Community Gardens: Hot and Under Attack


Community gardens and urban farms could be negatively affected by law changes Is New York City the "greenest" American city? Not if you consider the recent two-steps-back the city and state have taken concerning community gardens. TreeHugger reports on testimony last week that reveals that New York State has weakened rules that were set in 2002 to protect community gardens from development.

If other states and cities follow suit it may threaten to reduce the number of community gardens and urban farms blossoming across the country.

Renters play a major role in these gardening efforts and the positive community development they enrich.
Seattle's community garden in Ballard, the Ballard P-Patch, is one great example. Site coordinator Lindy Sheehan explains that community garden members plant "giving gardens," where one or more rows are planted for the needy. This results in about 2,000 pounds of fresh produce going to Seattle area food banks.

No land to plant? No problem. What about the food growing on untended property? Consider the positive community benefits made by Rick Nahmias's group Food Forward in Los Angeles. The group harvests fruit and nuts from city-owned trees or privately-owned trees. Volunteers pick the food and donate it to charitable organizations that feed the hungry, who typically don't have equal access to fresh fruit. Another benefit is that the donated fruit frees up cash at the nonprofits for purchase of other food staples. If it weren't for groups like Food Forward the food wouldn't be harvested and would rot or attract vermin.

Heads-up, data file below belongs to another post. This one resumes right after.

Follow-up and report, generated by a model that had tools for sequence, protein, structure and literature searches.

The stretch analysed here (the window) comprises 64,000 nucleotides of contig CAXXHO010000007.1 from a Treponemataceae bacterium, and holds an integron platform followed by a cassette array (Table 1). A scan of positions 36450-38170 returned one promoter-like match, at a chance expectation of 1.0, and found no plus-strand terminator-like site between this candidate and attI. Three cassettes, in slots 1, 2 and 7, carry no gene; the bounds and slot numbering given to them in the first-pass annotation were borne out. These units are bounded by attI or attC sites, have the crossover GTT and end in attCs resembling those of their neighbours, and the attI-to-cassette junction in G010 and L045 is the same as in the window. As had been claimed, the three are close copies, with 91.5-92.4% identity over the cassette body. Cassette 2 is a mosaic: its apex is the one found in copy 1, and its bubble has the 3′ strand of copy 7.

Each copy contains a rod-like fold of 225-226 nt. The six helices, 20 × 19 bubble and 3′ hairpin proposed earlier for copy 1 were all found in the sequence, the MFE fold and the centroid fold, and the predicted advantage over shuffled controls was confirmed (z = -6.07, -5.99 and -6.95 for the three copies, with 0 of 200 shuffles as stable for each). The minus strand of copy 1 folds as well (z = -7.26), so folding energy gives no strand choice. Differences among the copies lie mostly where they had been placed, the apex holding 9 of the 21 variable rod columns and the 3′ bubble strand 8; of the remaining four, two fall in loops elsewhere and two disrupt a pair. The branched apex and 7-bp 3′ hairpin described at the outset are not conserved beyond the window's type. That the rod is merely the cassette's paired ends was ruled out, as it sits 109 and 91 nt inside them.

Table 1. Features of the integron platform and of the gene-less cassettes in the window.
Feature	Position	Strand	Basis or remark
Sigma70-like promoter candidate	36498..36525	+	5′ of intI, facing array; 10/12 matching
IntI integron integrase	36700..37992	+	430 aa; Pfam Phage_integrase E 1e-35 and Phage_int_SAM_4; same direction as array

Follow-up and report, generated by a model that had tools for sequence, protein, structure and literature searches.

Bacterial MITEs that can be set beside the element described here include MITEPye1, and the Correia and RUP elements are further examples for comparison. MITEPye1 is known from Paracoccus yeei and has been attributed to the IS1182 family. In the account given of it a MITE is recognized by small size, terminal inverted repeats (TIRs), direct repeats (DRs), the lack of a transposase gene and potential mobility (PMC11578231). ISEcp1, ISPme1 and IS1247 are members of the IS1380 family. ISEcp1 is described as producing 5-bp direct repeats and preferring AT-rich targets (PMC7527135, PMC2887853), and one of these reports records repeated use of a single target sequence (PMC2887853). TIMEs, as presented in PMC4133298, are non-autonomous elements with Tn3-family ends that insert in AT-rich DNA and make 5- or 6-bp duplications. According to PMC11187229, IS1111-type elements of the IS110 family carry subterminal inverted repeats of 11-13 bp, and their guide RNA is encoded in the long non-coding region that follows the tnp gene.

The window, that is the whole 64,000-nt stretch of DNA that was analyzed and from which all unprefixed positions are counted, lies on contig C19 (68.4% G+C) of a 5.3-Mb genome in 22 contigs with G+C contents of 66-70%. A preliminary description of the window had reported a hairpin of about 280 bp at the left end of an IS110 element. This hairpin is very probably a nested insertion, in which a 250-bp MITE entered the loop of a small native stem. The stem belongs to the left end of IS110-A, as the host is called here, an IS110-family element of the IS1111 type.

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Considering the large percentage of renters in Seattle and Los Angeles, it's clear that renters are playing a major role in these and similar urban farming initiatives.

But the green gardening revolution isn't limited to just to renters in large cities, either.

Neighbors Kip Mumaw and Brian Falbo decided to grow a community garden this year in the back of the apartment building where they live in Staunton, Va. (population 25,000). The results surprised them. First, they received multiple comments about how the apartment building's garden beautified the corner. Thanks to furniture that they purchased, the community garden also provided a new outdoor gathering place. They decided to give away the garden's excess bounty to anyone in the neighborhood who wanted it, too.

Why invest in a community garden on land that you don't even own? "We just wanted to enjoy fresh vegetables this summer," says Brian Falbo. "But there was so much [produce] that the community involvement just grew from there. It doesn't matter that we're 'just renting'--this is our home, and these are our neighbors."

Mumaw and Falbo's community garden in Staunton, Va., is located behind a neighborhood store, George Bowers Grocery, co-owned by Katie McCaskey.


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